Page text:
To dispose fission products at sea, encase them in impervious insoluble ceramic. One simple way to do this is to capture them from solution using zeolyte, in a device that is essentially a water softener. The zeolyte, with its fission-product load, can then be mixed with glass and converted to an impervious insoluble ceramic called sodalite by applying heat and pressure. This ceramic can then be enclosed in a concrete shell, perhaps at least a foot thick. No external radioactivity will be possible because essentially all fission products decay by the "beta" process, that is, electron emission. Beta emission can be stopped by a sheet of paper. An additional foot of concrete will stop associated gamma radiation.

The entire assembly can then be dropped into the Marianas Trench, or into the Pacific Ocean halfway between Alaska and Hawaii. It will sink several hundred feet into the mud at the bottom. The stability of the concrete dockworks poured by Roman engineers more than 2,000 years ago at Caesarea demonstrates that seawater will not reach the impervious insoluble ceramic before 3,000 years. That's 100 half lives of strontium and caesium.

One mole of any substance is a mass in grams equal to its atomic weight -- about 90 grams of strontium-90. One mole of any substance contains 6.023 x 1023 atoms (or molecules, if a compound). This is called Avogadro's number. If you divide that by two, 100 times, the result is 4.75 x 10-7. This shows that after 3,000 years — 100 half lives — there is one chance in two million that one radioactive atom remains from those original 90 grams.

Most of the other players

There are other fission products not shown above, especially in freshly-discharged fuel. Many decay too quickly to appear on the scale of the curves shown above. For example, ruthenium-103 has a half life of 39.26 days, while silver-110 has a half life of 24.56 seconds.

Others have very short half lives, but are in secular equilibrium with longer-lived isotopes. For example, yttrium-90 (90Y), which has a half-life of 2.671 days, is the decay product of strontium-90 (90Sr), which has a half life of 28.79 years. Antimony-126n (126nSb) is a decay product of tin-126 (126Sn), which has a half life of 230,000 years. 126nSb decays with a half life of eleven seconds to 126mSb, which decays with a half life of 19.1 minutes, to 126Sb, which has a half life of 12.4 days, and decays to stable tellurium-126 (126Te). 126nSb, 126mSb, and 126Sb are in secular equilibrium with 126Sn.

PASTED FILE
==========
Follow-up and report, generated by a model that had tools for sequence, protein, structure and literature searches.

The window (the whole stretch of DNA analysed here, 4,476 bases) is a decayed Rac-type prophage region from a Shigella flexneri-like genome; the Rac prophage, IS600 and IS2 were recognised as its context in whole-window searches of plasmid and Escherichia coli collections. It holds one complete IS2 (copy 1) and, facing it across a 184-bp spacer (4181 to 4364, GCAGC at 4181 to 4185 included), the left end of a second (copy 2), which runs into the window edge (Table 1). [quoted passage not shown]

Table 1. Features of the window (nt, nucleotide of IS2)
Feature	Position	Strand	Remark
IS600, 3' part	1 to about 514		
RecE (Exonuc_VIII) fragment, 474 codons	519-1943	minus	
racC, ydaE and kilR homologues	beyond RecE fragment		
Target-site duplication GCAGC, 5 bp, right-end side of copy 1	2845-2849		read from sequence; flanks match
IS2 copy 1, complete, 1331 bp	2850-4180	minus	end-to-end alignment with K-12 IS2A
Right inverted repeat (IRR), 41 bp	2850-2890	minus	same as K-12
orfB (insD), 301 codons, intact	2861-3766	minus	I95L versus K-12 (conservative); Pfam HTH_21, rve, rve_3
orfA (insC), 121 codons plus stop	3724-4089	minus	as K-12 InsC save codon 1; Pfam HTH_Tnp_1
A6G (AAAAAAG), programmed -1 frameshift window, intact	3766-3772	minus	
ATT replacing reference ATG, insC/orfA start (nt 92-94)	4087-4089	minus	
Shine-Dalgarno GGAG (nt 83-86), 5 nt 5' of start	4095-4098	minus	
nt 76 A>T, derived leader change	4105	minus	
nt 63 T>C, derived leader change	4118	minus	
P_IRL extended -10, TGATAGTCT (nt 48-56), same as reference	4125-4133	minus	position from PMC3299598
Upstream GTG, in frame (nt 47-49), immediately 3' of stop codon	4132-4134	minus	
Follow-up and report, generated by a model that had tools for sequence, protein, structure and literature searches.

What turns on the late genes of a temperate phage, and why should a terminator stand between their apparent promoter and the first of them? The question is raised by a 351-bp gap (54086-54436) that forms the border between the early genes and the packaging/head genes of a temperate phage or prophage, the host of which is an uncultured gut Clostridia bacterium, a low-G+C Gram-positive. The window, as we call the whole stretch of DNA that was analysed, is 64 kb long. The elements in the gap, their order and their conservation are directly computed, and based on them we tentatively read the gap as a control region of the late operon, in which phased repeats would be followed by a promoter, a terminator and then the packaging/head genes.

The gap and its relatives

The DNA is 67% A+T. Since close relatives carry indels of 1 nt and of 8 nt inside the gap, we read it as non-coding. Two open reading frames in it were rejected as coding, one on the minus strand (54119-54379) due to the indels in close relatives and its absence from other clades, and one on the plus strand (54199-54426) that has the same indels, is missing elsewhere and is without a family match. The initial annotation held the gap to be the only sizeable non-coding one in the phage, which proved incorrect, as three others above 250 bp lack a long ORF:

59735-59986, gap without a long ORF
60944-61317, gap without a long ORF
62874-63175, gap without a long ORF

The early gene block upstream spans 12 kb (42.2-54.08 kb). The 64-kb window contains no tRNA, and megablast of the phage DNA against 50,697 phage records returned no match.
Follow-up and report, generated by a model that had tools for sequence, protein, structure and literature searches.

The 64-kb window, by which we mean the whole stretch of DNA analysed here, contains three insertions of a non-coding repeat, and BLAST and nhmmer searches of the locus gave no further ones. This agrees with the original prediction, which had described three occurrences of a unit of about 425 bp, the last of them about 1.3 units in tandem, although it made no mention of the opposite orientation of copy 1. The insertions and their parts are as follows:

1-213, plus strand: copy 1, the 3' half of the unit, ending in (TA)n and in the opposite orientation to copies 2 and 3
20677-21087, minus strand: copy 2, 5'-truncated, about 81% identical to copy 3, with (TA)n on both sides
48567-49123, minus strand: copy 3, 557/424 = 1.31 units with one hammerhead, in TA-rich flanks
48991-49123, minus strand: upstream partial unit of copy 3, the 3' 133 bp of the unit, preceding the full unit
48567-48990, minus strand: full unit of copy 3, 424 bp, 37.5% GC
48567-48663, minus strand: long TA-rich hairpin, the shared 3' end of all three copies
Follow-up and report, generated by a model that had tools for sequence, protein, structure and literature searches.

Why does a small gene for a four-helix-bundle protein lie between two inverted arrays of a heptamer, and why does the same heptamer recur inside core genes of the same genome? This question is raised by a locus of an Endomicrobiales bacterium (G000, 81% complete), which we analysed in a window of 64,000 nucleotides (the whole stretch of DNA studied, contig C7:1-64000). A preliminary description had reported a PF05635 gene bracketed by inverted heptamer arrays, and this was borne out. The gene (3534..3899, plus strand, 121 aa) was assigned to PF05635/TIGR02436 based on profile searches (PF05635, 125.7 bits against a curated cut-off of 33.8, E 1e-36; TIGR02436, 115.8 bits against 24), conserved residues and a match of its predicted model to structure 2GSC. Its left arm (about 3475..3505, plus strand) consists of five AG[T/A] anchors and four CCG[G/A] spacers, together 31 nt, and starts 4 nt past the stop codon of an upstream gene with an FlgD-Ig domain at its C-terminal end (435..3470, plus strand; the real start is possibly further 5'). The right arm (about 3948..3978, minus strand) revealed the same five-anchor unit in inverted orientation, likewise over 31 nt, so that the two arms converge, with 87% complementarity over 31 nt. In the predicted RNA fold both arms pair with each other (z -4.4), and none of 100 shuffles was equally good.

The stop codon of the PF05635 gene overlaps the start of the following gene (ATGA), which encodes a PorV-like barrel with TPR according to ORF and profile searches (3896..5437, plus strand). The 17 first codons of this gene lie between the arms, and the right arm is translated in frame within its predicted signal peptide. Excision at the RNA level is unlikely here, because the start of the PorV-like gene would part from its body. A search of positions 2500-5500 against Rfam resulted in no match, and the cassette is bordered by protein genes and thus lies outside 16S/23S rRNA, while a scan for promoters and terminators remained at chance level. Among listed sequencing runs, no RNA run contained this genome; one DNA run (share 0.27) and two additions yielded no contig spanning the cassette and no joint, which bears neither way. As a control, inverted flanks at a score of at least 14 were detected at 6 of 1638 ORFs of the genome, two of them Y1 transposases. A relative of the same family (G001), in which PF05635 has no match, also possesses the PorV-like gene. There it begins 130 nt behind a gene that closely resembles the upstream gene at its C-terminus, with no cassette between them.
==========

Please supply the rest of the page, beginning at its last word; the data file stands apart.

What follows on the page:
Other fission products have extremely long half lives. For example, zirconium-94 (94Zr) has a half life of 6.0 quadrillion years -- 435 million times the age of the universe. Extremely long half life means extremely low activity (they are inversely proportional), which means extremely low radiotoxicity. IRCP publication 119 does not provide dose factors to convert radioactivity to radiotoxocity, for isotopes with half lives longer than one billion years, or shorter than ten minutes.

Unused fuel decay curves

Compare the decay curves for unused fuel with the decay curves for fission products. It should become obvious why it is important to separate fission products from unused fuel, and consume the fuel to make electricity.

Radiotoxicity curves for all actinides in unused fuel with half lives greater than ten years show why it is important to separate fission products from unused fuel.

Directly fissionable isotopes such as 235U and 239Pu can be consumed in light-water reactors. Some isotopes, such as 238U, can be transmuted in light-water reactors by neutron absorption (albeit not efficiently), and radioactive decay, to fissionable isotopes, and then consumed. For example
238U + n → 239U → 239Np + β → 239Pu + β
Non-fissionable isotopes that are not transmuted, or inefficiently transmuted, and therefore not consumed, simply accumulate, even if fuel is recycled. These isotopes can, however, be efficiently transmuted, and then consumed, in fast-neutron reactors such as the Integral Fast Reactor.

Tables of details of fission products, unused fuel, and activation products

The following tables were prepared from output of the ORIGEN-2 program. ORIGEN-2 is a well-validated simulation of nuclear reactors and spent fuel, from Oak Ridge National Laboratory. ORIGEN-2 does not compute radiotoxicity. Dose factors used to compute radiotoxicity from radioactivity were taken from the International Commission on Radiation Protection (ICRP) Publication 119, for adult ingestion.